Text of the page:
IDEAS home Printed from https://ideas.repec.org/a/taf/bindes/v38y2002i1p75-91.html
   My bibliography  Save this article

Using El Nino-Southern Oscillation Climate Data To Improve Food Policy Planning In Indonesia

Author

Listed:
  • Rosamond Naylor
  • Walter Falcon
  • Nikolas Wada
  • Daniel Rochberg

Abstract

Despite the impact of El Nino-Southern Oscillation (ENSO) events on climate in the Indo-Pacific region, models linking ENSO-based climate variability to Indonesian cereal production are not well developed. This study measures connections among sea-surface temperature anomalies (SSTAs), rainfall, and Indonesian rice and corn production from 1971 to 1998. Year-to-year August SSTA fluctuations explain about half the interannual variance in paddy production during the main (wet) season. These effects are cumulative for rice: during strong El Nino years, wet season production shortfalls are not made up subsequently. For corn, the cumulative area sown is actually higher in El Nino years than La Nina years. Indonesia's paddy production varies on average by 1.4 million tons for every 1°C change in August SSTAs. The paper illustrates how an SSTA model might assist policy makers with budgetary processes, and private sector cereal traders with framing production expectations.

Suggested Citation

  • Rosamond Naylor & Walter Falcon & Nikolas Wada & Daniel Rochberg, 2002. "Using El Nino-Southern Oscillation Climate Data To Improve Food Policy Planning In Indonesia," Bulletin of Indonesian Economic Studies, Taylor & Francis Journals, vol. 38(1), pages 75-91.
  • Handle: RePEc:taf:bindes:v:38:y:2002:i:1:p:75-91
    DOI: 10.1080/000749102753620293
    as

    Download full text from publisher

    File URL: http://www.tandfonline.com/doi/abs/10.1080/000749102753620293
    Download Restriction: Access to full text is restricted to subscribers.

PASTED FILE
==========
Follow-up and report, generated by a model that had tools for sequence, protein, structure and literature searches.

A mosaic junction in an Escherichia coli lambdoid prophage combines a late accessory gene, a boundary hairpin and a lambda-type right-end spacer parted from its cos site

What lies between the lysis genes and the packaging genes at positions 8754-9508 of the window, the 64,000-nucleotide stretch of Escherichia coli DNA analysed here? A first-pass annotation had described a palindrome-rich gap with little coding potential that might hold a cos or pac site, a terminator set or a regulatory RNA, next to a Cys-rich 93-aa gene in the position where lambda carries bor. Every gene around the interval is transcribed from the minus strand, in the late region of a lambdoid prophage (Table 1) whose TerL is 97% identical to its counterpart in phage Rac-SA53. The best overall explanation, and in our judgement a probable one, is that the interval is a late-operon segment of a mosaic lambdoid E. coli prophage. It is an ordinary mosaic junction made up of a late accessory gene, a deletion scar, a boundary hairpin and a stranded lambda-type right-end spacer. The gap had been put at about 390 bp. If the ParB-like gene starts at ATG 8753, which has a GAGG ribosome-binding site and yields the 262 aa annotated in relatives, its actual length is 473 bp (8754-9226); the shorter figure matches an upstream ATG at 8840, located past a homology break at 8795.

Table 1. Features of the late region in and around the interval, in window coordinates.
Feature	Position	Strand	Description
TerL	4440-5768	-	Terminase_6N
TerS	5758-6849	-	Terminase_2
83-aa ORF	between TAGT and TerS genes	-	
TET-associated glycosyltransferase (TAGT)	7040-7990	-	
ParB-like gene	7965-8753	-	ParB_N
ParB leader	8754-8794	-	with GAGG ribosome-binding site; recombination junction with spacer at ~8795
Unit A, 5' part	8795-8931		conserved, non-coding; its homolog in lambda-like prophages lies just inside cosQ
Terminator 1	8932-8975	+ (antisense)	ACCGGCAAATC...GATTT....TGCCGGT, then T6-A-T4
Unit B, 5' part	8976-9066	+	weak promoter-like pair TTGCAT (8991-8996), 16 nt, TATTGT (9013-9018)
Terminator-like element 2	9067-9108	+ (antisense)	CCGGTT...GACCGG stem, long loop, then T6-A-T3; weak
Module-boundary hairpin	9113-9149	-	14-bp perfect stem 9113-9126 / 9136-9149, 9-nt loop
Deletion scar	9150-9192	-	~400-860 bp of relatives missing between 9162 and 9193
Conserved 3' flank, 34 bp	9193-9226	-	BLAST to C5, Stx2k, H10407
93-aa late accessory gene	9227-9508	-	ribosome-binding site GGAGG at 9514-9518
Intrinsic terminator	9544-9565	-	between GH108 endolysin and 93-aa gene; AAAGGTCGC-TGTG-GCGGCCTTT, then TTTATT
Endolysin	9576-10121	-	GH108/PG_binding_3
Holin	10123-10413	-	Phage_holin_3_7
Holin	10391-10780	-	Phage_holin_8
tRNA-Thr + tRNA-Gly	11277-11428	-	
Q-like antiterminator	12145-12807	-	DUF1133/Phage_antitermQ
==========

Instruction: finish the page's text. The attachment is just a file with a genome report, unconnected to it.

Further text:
As the access to this document is restricted, you may want to search for a different version of it.

    Citations

    Citations are extracted by the CitEc Project, subscribe to its RSS feed for this item.
    as


    Cited by:

    1. Tomoki Fujii, 2016. "Climate change and vulnerability to poverty: an empirical investigation in rural Indonesia," Chapters,in: The Asian ‘Poverty Miracle’, chapter 5, pages 118-146 Edward Elgar Publishing.
    2. You, Liangzhi, 2012. "A tale of two countries: Spatial and temporal patterns of rice productivity in China and Brazil," China Economic Review, Elsevier, vol. 23(3), pages 690-703.
    3. Jonatan A. Lassa & Allen Yu-Hung Lai & Tian Goh, 2016. "Climate extremes: an observation and projection of its impacts on food production in ASEAN," Natural Hazards: Journal of the International Society for the Prevention and Mitigation of Natural Hazards, Springer;International Society for the Prevention and Mitigation of Natural Hazards, vol. 84(1), pages 19-33, November.
    4. World Bank, 2010. "Climate Change and Economic Policies in APEC Economies : Synthesis Report," World Bank Other Operational Studies 2948, The World Bank.
    5. Yamauchi, Futoshi & Sumaryanto, Sony & Dewina, Reno, 2010. "Climate Change, Perceptions and the Heterogeneity of Adaptation and Rice Productivity: Evidence from Indonesian Villages," Working Papers 13, JICA Research Institute.
    6. World Bank, 2012. "The Welfare Effects of Extreme Weather Events : Insights from Three APEC Case Studies," World Bank Other Operational Studies 13039, The World Bank.

    More about this item

    Statistics

    Access and download statistics

    Corrections

    All material on this site has been provided by the respective publishers and authors. You can help correct errors and omissions. When requesting a correction, please mention this item's handle: RePEc:taf:bindes:v:38:y:2002:i:1:p:75-91. See general information about how to correct material in RePEc.

    For technical questions regarding this item, or to correct its authors, title, abstract, bibliographic or download information, contact: (Chris Longhurst). General contact details of provider: http://www.tandfonline.com/CBIE20 .

    If you have authored this item and are not yet registered with RePEc, we encourage you to do it here. This allows to link your profile to this item. It also allows you to accept potential citations to this item that we are uncertain about.

    We have no references for this item. You can help adding them by using this form .

    If you know of missing items citing this one, you can help us creating those links by adding the relevant references in the same way as above, for each refering item. If you are a registered author of this item, you may also want to check the "citations" tab in your RePEc Author Service profile, as there may be some citations waiting for confirmation.

    Please note that corrections may take a couple of weeks to filter through the various RePEc services.

    IDEAS is a RePEc service hosted by the Research Division of the Federal Reserve Bank of St. Louis . RePEc uses bibliographic data supplied by the respective publishers.